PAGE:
Approximately half of transgender or gender diverse youth identify as gender non-binary (not entirely/exclusively male or female). Some clinicians have reported that some non-binary youth request ongoing puberty suppression to prevent development of secondary sex characteristics. These requests are controversial, as puberty suppression for transgender or gender diverse youth has typically only been discussed as the first of a two-stage hormonal treatment pathway, rather than standalone treatment. Ethical issues associated with puberty suppression for non-binary youth remain under-explored. This study aimed to explore how Australian clinicians working with transgender or gender diverse youth navigate these complexities and view and make decisions about puberty suppression for non-binary youth.
Semi-structured interviews were conducted with clinicians. Inductive content analysis was used to identify content categories from the data. While clinicians expressed concerns about the potential physical, cognitive and psychosocial harms of blocking puberty long-term, many were also concerned that asking non-binary youth to choose a puberty could also cause psychosocial harm. Given the current lack of evidence and professional guidance, clinicians could benefit from evidence-based ethical guidelines for making these complex decisions. Such guidelines could support clinicians and improve decision-making and outcomes for patients and families.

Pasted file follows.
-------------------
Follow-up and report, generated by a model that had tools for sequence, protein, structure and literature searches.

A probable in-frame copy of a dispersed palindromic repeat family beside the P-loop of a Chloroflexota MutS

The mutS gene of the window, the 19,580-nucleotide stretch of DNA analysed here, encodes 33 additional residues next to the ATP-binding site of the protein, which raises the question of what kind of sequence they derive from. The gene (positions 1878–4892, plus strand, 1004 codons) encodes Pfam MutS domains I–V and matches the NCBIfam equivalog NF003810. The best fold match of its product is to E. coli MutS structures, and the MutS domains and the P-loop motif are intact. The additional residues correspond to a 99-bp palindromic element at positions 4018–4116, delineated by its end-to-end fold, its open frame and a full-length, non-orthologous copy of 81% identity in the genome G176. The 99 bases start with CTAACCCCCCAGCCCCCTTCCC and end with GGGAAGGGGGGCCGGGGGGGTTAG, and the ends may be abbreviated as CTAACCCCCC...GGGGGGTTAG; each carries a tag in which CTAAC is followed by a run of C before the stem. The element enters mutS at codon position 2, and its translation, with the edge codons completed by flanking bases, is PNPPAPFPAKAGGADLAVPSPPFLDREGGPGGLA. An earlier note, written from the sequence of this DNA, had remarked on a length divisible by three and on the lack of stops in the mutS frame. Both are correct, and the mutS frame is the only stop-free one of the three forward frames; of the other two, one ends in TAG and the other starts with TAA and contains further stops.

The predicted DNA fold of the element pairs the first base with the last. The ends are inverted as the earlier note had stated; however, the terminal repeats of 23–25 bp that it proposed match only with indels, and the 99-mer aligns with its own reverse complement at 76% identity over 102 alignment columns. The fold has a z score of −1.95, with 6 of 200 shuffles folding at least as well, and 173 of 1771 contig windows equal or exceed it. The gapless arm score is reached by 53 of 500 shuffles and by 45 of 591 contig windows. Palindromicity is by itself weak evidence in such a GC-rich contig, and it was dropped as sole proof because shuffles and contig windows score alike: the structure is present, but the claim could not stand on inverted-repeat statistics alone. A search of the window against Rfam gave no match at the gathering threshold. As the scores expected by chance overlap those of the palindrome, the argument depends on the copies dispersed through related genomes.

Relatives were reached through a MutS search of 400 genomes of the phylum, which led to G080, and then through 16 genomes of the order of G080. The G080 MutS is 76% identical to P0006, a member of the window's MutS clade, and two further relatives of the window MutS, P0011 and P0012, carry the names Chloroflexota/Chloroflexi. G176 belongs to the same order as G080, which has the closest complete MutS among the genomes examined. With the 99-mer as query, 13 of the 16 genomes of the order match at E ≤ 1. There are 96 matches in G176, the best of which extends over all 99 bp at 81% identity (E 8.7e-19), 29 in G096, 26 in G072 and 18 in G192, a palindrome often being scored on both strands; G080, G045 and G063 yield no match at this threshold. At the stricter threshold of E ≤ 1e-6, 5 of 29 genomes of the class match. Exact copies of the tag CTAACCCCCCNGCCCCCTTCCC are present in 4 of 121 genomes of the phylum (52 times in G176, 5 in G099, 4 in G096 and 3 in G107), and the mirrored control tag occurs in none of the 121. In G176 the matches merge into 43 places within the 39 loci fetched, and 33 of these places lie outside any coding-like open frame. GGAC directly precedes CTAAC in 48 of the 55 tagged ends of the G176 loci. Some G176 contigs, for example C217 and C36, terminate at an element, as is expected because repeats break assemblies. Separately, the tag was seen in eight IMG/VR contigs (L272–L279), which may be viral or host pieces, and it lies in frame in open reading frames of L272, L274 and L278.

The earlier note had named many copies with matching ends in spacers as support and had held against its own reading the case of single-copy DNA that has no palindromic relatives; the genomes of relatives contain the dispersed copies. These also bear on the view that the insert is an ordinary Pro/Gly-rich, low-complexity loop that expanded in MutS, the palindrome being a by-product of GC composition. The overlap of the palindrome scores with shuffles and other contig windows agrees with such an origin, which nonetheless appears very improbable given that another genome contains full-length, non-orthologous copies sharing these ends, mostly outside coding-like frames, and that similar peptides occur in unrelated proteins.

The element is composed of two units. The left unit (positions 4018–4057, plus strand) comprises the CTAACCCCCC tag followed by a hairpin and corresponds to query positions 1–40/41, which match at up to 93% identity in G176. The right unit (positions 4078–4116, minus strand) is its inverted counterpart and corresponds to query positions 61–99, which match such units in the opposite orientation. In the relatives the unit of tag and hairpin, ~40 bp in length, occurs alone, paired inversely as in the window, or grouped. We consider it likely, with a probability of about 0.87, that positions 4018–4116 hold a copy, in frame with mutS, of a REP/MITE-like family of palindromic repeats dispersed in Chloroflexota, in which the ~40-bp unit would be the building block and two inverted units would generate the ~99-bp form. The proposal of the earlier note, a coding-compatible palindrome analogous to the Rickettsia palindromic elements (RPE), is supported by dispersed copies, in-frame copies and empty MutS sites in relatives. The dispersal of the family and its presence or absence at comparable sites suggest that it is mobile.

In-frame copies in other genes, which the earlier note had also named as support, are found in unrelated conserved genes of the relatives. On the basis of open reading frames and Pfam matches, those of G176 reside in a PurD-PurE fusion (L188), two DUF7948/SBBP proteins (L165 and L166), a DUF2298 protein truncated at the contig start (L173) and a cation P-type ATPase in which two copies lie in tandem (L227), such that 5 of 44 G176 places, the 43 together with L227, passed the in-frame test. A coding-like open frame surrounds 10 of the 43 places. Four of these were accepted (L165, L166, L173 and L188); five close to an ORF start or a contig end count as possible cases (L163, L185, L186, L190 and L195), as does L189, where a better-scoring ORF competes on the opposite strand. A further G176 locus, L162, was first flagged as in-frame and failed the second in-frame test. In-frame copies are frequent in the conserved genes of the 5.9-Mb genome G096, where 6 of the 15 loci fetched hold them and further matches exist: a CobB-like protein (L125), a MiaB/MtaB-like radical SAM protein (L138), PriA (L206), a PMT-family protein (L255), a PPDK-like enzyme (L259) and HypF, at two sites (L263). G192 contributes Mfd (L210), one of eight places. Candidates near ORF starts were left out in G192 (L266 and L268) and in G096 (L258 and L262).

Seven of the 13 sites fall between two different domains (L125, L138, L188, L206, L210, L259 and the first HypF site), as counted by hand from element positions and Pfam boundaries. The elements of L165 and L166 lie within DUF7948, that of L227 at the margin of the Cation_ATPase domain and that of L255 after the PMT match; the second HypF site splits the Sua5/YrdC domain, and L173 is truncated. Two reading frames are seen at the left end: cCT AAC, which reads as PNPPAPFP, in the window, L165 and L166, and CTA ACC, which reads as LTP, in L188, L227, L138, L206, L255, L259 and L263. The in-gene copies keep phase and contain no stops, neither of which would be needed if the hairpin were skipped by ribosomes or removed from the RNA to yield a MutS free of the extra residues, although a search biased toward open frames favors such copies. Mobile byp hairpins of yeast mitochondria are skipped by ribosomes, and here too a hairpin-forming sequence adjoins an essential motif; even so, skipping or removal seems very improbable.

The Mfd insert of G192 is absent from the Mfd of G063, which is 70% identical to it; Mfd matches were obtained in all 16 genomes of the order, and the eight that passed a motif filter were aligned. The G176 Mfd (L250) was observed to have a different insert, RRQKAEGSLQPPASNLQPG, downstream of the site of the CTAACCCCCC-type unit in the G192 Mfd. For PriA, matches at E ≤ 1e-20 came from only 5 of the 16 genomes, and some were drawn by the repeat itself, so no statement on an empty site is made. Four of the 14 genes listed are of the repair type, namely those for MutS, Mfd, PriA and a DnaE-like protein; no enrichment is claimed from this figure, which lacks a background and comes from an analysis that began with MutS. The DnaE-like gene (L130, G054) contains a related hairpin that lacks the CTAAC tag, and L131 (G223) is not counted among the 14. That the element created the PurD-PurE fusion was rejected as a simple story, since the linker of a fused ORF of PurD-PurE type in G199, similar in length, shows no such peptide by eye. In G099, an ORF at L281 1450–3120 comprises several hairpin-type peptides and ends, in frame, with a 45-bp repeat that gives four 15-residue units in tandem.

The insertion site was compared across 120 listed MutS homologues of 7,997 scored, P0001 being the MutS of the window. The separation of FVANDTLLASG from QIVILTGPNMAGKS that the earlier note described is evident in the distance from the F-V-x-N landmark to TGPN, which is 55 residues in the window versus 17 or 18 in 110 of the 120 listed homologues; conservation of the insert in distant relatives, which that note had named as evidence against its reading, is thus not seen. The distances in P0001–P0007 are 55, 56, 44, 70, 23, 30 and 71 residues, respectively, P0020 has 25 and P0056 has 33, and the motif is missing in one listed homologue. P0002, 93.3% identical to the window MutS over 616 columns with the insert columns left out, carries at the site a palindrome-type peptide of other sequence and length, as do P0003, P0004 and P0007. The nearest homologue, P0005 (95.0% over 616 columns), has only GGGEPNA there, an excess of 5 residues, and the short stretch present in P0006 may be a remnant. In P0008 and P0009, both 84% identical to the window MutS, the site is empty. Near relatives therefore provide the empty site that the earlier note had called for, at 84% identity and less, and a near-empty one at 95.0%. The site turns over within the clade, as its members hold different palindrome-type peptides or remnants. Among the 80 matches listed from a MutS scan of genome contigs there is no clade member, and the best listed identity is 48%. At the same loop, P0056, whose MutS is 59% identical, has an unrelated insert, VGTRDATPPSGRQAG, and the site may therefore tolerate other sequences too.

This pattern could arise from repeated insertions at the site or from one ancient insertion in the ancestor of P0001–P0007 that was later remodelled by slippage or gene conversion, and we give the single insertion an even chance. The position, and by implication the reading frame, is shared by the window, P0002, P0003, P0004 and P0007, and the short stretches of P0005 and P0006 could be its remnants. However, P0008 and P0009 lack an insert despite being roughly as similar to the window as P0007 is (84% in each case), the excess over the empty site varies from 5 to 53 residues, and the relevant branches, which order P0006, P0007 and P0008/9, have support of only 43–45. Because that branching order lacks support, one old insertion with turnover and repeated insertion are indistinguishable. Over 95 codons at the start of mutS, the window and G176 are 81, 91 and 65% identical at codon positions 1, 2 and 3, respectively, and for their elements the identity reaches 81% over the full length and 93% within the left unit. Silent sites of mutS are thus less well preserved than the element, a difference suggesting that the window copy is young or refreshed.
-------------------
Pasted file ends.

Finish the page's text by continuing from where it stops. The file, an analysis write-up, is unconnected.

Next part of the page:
Acknowledgements: This project is funded by a University of Melbourne Early Career Researcher Grant awarded to Dr Lauren Notini. Dr Notini wishes to acknowledge the participants, and her collaborators: Dr Ken Pang, A/Prof Michelle Telfer, Prof Julian Savulescu, Prof Lynn Gillam, Dr Rosalind McDougall, Mr Brian Earp, Prof Anthony Penington, A/Prof Michelle Taylor-Sands and Ms Paula O’Brien.